Explainer: I have a Flybe ticket what happens now?

Explainer: I have a Flybe ticket what happens now?

Flybe - Image Arnold Aaron / Shutterstock.com

Many people will be wondering what happens to those who hold tickets from the now defunct airline Flybe.

As of Monday, January 30 a number of other operators have jumped to the rescue of passengers, with many offering so-called “rescue fares.”

Among these are easyjet who were the first to offer jobs to Flybe staff, domestic flights for £49 and international flights for £79.

British Airways one-way fares for £50 and Ryanair £30 from London airports.

London North Eastern Railways is also offering free travel for anyone in possession of a ticket for a cancelled flight.

Can I get a refund?

In theory you should be able to get your money back from your credit card, but you will have to apply and it could take some time with banks expecting a flood of claims.

Under Section 75 of the Consumer Credit Act if you paid more than £100 in a single transaction, you are entitled to a full refund as the card company is deemed jointly liable with the merchant.

If you booked through a travel agent you will need to see what the terms were of your booking, with some providing scheduled airline failure cover.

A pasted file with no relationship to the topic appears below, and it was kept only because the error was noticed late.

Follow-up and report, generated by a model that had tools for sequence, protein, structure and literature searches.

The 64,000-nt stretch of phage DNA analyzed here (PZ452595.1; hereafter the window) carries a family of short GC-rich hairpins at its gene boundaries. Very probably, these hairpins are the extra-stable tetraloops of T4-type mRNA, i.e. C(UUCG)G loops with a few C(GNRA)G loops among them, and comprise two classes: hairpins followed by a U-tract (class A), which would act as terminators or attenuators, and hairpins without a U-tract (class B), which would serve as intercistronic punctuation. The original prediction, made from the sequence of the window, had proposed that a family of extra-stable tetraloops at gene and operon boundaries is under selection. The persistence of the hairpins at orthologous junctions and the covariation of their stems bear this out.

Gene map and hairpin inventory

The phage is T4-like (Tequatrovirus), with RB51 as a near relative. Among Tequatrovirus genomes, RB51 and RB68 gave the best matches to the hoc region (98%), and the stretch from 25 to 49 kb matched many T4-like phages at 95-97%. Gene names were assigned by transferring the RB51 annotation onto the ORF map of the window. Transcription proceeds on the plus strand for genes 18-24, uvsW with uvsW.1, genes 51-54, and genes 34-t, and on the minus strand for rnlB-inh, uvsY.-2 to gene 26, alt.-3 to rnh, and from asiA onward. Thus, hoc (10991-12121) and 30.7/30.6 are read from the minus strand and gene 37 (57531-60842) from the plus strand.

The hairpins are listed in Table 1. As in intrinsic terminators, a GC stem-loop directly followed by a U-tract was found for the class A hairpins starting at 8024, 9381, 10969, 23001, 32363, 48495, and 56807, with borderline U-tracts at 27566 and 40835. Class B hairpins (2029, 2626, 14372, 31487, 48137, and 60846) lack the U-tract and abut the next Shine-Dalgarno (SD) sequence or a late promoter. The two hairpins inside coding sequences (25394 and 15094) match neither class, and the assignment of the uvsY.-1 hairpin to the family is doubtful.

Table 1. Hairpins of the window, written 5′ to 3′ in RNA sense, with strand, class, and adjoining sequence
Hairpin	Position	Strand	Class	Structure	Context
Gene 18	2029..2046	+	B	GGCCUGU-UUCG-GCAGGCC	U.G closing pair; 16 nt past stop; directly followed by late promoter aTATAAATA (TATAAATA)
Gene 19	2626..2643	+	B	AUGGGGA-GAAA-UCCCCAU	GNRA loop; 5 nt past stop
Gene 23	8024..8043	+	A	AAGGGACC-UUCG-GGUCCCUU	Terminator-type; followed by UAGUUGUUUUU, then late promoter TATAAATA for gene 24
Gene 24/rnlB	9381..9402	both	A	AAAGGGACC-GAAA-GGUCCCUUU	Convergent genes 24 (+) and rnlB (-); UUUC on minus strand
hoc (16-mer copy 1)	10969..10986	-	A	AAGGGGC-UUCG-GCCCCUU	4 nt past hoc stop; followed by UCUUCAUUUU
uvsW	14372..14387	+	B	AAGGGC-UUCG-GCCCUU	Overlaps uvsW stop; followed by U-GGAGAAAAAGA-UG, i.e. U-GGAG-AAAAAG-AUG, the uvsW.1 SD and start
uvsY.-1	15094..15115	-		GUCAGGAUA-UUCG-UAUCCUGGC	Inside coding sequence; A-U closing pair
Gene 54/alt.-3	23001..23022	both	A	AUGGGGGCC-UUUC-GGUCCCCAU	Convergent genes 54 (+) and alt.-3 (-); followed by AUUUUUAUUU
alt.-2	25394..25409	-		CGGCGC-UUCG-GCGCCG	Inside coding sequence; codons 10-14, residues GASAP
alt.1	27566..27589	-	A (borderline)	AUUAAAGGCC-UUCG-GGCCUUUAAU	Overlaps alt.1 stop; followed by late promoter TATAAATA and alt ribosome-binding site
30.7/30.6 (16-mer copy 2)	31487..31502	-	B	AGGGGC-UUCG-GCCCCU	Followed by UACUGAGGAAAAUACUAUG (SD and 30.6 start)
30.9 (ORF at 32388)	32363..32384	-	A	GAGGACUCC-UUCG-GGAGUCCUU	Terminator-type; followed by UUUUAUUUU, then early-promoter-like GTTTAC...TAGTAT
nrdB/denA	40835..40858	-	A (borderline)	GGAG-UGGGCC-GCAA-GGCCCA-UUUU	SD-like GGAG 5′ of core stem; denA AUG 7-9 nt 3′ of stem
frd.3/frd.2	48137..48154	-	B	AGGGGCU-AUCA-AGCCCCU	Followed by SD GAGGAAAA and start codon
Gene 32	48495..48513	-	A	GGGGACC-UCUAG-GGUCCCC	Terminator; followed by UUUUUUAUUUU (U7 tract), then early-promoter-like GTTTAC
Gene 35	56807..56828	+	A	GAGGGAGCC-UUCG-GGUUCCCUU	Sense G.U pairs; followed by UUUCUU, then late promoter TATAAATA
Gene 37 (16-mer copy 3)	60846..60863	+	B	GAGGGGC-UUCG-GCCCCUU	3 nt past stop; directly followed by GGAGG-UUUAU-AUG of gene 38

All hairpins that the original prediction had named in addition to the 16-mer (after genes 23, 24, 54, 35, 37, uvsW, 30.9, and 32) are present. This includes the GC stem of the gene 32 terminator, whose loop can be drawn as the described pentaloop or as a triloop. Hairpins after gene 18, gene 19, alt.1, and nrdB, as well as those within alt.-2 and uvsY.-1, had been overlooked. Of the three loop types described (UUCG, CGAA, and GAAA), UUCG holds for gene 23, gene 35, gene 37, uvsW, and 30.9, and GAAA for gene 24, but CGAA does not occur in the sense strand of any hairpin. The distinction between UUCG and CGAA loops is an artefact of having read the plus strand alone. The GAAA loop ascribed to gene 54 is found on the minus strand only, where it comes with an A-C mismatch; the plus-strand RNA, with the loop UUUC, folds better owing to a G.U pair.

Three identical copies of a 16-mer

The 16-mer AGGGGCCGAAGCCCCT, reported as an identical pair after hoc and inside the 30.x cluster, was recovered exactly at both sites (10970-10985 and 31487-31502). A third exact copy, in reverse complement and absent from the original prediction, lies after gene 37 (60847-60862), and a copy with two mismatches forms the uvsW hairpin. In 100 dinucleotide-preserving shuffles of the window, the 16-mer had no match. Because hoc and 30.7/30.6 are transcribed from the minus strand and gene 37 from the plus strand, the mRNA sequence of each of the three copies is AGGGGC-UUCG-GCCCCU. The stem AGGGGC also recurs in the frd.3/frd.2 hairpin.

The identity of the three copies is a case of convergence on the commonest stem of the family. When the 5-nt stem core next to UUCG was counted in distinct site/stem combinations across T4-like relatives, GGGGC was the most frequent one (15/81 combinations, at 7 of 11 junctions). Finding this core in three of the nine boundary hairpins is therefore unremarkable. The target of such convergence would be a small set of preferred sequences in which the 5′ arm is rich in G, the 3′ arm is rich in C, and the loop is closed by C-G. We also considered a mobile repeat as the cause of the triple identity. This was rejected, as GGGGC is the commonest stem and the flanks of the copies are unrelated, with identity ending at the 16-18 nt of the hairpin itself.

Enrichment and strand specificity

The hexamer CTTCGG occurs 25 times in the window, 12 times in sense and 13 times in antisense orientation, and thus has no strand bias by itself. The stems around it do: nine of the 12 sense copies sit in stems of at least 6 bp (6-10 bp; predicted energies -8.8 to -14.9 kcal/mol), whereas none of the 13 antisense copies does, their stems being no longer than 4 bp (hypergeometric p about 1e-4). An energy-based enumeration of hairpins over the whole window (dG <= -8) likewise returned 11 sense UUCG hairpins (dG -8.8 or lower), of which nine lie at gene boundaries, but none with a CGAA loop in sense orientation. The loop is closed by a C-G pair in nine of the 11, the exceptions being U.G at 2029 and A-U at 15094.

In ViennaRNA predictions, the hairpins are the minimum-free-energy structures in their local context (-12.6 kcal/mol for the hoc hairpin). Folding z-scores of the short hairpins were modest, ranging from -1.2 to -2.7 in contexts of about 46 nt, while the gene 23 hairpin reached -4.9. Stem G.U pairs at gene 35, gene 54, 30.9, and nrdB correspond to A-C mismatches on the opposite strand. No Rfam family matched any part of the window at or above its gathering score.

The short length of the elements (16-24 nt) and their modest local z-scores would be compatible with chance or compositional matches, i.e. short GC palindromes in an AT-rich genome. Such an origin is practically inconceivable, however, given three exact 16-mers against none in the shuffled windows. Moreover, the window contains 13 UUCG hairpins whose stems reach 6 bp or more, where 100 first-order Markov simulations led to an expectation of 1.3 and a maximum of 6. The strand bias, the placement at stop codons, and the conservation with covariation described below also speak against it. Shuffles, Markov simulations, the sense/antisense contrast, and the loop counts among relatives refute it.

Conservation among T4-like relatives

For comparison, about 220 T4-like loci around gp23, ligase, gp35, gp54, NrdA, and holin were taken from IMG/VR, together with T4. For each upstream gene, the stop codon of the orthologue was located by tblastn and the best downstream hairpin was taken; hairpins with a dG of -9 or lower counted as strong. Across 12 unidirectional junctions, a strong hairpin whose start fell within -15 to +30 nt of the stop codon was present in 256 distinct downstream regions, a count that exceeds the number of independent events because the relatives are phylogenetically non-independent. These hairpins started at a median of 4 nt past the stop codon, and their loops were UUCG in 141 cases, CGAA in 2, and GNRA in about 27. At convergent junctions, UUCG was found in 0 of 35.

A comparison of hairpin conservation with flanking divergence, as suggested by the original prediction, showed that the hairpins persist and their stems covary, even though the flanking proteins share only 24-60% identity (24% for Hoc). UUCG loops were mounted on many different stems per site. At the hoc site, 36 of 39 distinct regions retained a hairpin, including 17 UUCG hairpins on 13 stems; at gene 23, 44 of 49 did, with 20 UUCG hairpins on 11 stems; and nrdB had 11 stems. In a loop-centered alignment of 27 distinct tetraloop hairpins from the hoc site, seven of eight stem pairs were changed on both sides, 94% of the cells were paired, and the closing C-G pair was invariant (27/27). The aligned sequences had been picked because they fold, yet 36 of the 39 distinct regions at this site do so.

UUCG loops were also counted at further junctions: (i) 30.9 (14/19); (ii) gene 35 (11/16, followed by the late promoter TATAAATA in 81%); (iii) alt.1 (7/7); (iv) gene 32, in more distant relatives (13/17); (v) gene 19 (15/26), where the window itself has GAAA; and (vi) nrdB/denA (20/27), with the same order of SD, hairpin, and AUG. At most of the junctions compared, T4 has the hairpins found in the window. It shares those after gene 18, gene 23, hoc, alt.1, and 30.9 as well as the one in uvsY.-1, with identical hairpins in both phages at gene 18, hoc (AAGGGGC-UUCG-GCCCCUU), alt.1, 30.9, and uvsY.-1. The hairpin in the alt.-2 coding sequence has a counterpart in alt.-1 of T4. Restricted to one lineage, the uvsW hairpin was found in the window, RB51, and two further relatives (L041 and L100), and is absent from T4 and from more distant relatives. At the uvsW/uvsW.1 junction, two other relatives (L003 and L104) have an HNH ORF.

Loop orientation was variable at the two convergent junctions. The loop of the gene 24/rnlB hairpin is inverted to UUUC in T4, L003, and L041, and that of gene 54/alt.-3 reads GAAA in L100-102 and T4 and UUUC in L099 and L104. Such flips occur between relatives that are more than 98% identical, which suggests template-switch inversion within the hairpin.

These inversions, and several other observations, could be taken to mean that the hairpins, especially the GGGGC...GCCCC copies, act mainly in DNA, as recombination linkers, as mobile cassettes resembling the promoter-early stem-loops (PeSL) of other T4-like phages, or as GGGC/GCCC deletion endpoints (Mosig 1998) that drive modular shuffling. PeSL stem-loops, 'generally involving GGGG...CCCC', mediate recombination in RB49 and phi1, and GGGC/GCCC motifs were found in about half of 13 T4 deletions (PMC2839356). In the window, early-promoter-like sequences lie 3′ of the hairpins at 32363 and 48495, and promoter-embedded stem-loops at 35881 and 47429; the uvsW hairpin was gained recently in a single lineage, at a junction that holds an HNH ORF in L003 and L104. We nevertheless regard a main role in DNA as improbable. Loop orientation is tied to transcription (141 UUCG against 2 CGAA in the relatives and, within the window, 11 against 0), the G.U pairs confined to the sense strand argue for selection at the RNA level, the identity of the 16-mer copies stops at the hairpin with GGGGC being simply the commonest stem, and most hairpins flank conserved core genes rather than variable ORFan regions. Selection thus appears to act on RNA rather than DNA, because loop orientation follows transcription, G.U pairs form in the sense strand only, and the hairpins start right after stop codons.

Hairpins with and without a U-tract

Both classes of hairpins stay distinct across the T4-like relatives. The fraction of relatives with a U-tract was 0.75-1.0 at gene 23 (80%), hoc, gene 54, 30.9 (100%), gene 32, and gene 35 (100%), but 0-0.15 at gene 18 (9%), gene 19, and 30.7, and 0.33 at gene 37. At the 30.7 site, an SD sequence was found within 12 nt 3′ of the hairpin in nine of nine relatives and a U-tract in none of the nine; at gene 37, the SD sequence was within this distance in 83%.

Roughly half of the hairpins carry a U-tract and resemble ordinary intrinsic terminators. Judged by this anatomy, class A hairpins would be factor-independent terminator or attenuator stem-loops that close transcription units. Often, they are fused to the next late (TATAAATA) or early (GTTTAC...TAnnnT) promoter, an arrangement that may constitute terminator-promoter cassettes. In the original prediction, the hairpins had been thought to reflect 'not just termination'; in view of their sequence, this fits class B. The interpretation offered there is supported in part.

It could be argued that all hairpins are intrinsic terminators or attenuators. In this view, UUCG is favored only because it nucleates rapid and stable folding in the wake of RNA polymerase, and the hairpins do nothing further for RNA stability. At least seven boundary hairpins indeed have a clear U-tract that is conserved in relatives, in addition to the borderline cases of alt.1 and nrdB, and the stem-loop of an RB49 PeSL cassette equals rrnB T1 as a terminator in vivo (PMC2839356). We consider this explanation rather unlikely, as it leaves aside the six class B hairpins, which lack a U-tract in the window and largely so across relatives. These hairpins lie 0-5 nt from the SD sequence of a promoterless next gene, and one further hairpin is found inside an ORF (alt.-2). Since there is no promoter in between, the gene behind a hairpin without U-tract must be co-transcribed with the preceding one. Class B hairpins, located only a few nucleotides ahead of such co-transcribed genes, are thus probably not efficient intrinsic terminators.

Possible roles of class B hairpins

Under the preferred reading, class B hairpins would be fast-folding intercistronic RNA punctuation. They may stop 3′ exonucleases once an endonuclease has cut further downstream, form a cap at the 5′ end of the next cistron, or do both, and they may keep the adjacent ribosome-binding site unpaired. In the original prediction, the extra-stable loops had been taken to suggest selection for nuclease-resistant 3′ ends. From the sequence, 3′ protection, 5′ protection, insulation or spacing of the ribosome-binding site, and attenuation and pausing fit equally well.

Getting refunds from agents based abroad may be different so claimants will need to check.

What about money from the liquidators?

At this stage there is no indication as to the financial position of the company and therefore what money may be left to settle creditors. Given the way in which the company folded its unlikely that there will be much by way of refunds.

What about jobs?

A number of airlines have already said that they are keen to talk to staff that were employed by Flybe, including British Airways, easyjet and Wizz Air.

Joint Administrator and Managing Director of Interpath said: “We will provide support to those who have been affected by redundancy, including supporting them in making claims from the Redundancy Payments Service.

“We will be helping employees obtain access to important records and information such as training records.”

If you have a Flybe ticket and are unsure what happens now then check the Flybe website as well as those of competitors, many of who are willing to help or to assist.

Thank you for taking the time to read this article, do remember to come back and check The Euro Weekly News website for all your up-to-date local and international news stories and remember, you can also follow us on Facebook and Instagram.

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Written by

Peter McLaren-Kennedy

Originally from South Africa, Peter is based on the Costa Blanca and is a web reporter for the Euro Weekly News covering international and Spanish national news. Got a news story you want to share? Then get in touch at editorial@euroweeklynews.com.